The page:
Breaking barriers of access to quality arts education and creative jobs
Inner-City Arts empowers K-12th-grade youth to discover their creativity, explore a variety of art forms, and express their unique voices in a safe environment that builds community and supports their journey into the creative economy. Approximately 84% of students in our school-day program come from underserved communities, and 40% are English language learners. Through our after-school program and theater, we serve middle and high school students, community members, and local artists from system-impacted neighborhoods in the city.
What is the primary issue area that your application will impact?
K-12 STEAM Education
In which areas of Los Angeles will you be directly working?
County of Los Angeles
In what stage of innovation is this project, program, or initiative?
Expand existing project, program, or initiative
What is your understanding of the issue that you are seeking to address?
When budget cuts eliminated arts instruction from Los Angeles public schools in the late 1970s, it was up to local communities to fill the gap. Our founders were determined to bring the benefits of a safe, creative environment to children in downtown neighborhoods, who would otherwise miss out. Today, our steadfast commitment is stronger than ever. Without our commitment to providing a safe and creative environment for underserved youth to thrive, students from high-poverty neighborhoods would not have access to high-quality arts education and immersive art experiences. A classroom teacher from Middleton Street Elementary, noted: "Most of my students have never been exposed to media arts because of the communities that they live in. I feel it is important that they get exposure to art and creativity. Thank you for offering media arts to our students here at Middleton Street Elementary. The children learned, were engaged, and looked forward to their art class!"
Describe the project, program, or initiative this grant will support to address the issue.
We believe the arts are a powerful tool for self-expression, growth, and learning. We offer young people from historically marginalized communities a safe, creative space where they are invited to explore art and their own voices in a vibrant, non-judgemental environment. During the school day and on weekends, elementary, middle, and high school students come to our campus to engage with professional teaching artists and receive hands-on instruction in well-equipped art studios that include dance, drama, music, visual arts, media arts, ceramics, a creativity lab, as well as our Rosenthal Theater. Across all programs, we focus on the following student objectives: social and emotional learning competencies, 21st-century skills, and art-based skills, to boost both personal and academic achievements. Committed to providing critical services to students that have experienced continued inequity, and understanding the added challenges they have been facing as a result of distance learning during the COVID-19 pandemic, we expanded our programming in 2021 to offer on-site classes to partner schools and reach schools outside of commuting distance from campus. Additionally, through a partnership with Para Los Ninos, we also expanded our offerings to provide on-site mental health and wellness support to students and teachers and consult with their experts on curriculum development. We see these investments as permanent, vital elements to support students and staff.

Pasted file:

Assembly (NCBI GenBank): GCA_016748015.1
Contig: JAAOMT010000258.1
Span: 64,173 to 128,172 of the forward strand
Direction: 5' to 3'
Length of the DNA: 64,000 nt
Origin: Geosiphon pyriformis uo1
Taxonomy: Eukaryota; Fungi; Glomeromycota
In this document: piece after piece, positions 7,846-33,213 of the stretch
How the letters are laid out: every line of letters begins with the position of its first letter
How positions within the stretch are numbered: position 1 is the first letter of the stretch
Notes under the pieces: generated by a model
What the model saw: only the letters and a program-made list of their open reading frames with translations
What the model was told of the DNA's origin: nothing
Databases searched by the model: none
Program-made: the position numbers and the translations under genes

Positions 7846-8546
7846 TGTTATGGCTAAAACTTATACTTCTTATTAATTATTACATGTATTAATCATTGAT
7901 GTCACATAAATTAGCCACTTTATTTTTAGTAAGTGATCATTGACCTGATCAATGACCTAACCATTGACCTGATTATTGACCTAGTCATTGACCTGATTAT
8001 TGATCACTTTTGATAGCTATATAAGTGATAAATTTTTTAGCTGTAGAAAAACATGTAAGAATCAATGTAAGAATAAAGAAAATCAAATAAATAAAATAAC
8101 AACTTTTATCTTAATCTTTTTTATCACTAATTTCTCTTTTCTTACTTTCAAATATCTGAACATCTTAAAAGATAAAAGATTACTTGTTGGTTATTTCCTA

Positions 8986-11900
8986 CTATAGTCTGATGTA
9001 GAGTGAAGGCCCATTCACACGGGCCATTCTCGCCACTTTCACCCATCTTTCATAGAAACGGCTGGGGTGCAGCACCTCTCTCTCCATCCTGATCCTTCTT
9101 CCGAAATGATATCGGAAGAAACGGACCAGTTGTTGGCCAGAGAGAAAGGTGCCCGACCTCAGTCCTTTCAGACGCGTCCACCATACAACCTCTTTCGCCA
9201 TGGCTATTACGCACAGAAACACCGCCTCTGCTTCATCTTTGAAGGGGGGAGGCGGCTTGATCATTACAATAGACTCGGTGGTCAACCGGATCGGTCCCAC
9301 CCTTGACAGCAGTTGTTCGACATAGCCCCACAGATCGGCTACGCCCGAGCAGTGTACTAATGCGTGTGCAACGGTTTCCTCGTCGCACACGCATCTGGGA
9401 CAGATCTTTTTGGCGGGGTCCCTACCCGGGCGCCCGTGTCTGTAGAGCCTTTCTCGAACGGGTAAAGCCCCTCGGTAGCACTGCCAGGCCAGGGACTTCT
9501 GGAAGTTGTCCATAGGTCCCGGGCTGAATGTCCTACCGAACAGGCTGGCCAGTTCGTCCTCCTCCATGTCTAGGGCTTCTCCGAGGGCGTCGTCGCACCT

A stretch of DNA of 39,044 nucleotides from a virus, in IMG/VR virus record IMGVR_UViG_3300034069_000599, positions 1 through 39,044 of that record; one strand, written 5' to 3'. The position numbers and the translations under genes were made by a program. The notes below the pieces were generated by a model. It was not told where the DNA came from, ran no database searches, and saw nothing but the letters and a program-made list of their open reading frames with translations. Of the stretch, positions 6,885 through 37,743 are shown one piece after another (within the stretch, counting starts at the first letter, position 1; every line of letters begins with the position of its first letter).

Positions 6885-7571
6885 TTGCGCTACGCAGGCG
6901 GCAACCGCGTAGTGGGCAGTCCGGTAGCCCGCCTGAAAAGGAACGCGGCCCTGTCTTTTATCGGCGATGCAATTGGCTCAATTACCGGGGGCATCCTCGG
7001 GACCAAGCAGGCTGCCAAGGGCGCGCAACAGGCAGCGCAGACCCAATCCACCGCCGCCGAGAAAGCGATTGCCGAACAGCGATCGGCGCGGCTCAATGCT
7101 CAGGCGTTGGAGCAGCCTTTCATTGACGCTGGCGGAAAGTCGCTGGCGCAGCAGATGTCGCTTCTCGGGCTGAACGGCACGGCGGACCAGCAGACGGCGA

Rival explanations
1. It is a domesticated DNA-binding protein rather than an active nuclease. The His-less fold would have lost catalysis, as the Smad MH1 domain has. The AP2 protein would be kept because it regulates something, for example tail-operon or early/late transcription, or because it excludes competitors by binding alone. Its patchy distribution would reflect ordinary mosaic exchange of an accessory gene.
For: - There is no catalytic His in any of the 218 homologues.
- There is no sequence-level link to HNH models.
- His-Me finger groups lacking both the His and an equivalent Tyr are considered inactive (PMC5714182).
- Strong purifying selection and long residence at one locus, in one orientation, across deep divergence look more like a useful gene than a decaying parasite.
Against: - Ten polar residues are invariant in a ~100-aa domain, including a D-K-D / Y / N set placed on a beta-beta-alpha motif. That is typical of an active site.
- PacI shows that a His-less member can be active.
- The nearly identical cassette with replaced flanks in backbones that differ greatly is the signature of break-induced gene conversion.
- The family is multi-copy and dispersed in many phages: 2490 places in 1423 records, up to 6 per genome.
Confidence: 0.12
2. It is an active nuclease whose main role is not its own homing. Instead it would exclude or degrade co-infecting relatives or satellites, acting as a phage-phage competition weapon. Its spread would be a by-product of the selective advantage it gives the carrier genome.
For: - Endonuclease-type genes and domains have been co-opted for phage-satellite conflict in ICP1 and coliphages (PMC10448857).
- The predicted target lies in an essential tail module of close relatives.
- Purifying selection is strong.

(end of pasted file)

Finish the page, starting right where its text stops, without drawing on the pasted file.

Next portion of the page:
Describe how Los Angeles County will be different if your work is successful.
Arts education has been proven to help level the learning field across socioeconomic boundaries, reducing or eliminating educational achievement gaps. As a result of our programming, we anticipate that students will demonstrate increased: Knowledge of the fundamental art skills and practices Improved ability to problem solve, think critically, express reasoning Creative confidence and capacity, including improved self-awareness, self-management, and social awareness Interpersonal and collaboration skills Communication skills Self-efficacy With creative and educational partners across the city, we have formed a network of support for students and artists in L.A. We assist the development of an abundant supply of new talent into the creative industries. Through our paid internship program, we tap into the strengths of our BIPOC and vibrant youth and support their journey to assume their rightful place as drivers of the creative economy of Los Angeles, California, and the nation.
What evidence do you have that this project, program, or initiative is or will be successful, and how will you define and measure success?
Inner-City Arts, L.A. Unified School District, the Center for Research on Creativity, and Indiana University collaborated on a research project funded by the U.S. Dept. of Education. The results strongly support the efficacy of our flagship program model, with a significant measurable impact on academic achievement in mathematics and English (particularly among English language learners), and student creativity. Feedback from partners and survey results from students, teaching artists, and classroom teachers at the end of each term, give us great confidence in our work and our ability to adapt to the changing needs of our community. As long-term arts education providers, we are privileged to witness the further development of our alumni, like Ruby Barrios. Ruby is a first-generation college graduate who wrote and published a children's book, Ruby's Button. The book was recently adapted for the stage in partnership with Inner-City Arts, and had its world premiere in May 2023.
Approximately how many people will be impacted by this project, program, or initiative?
Direct Impact: 6,000
Indirect Impact: 10,000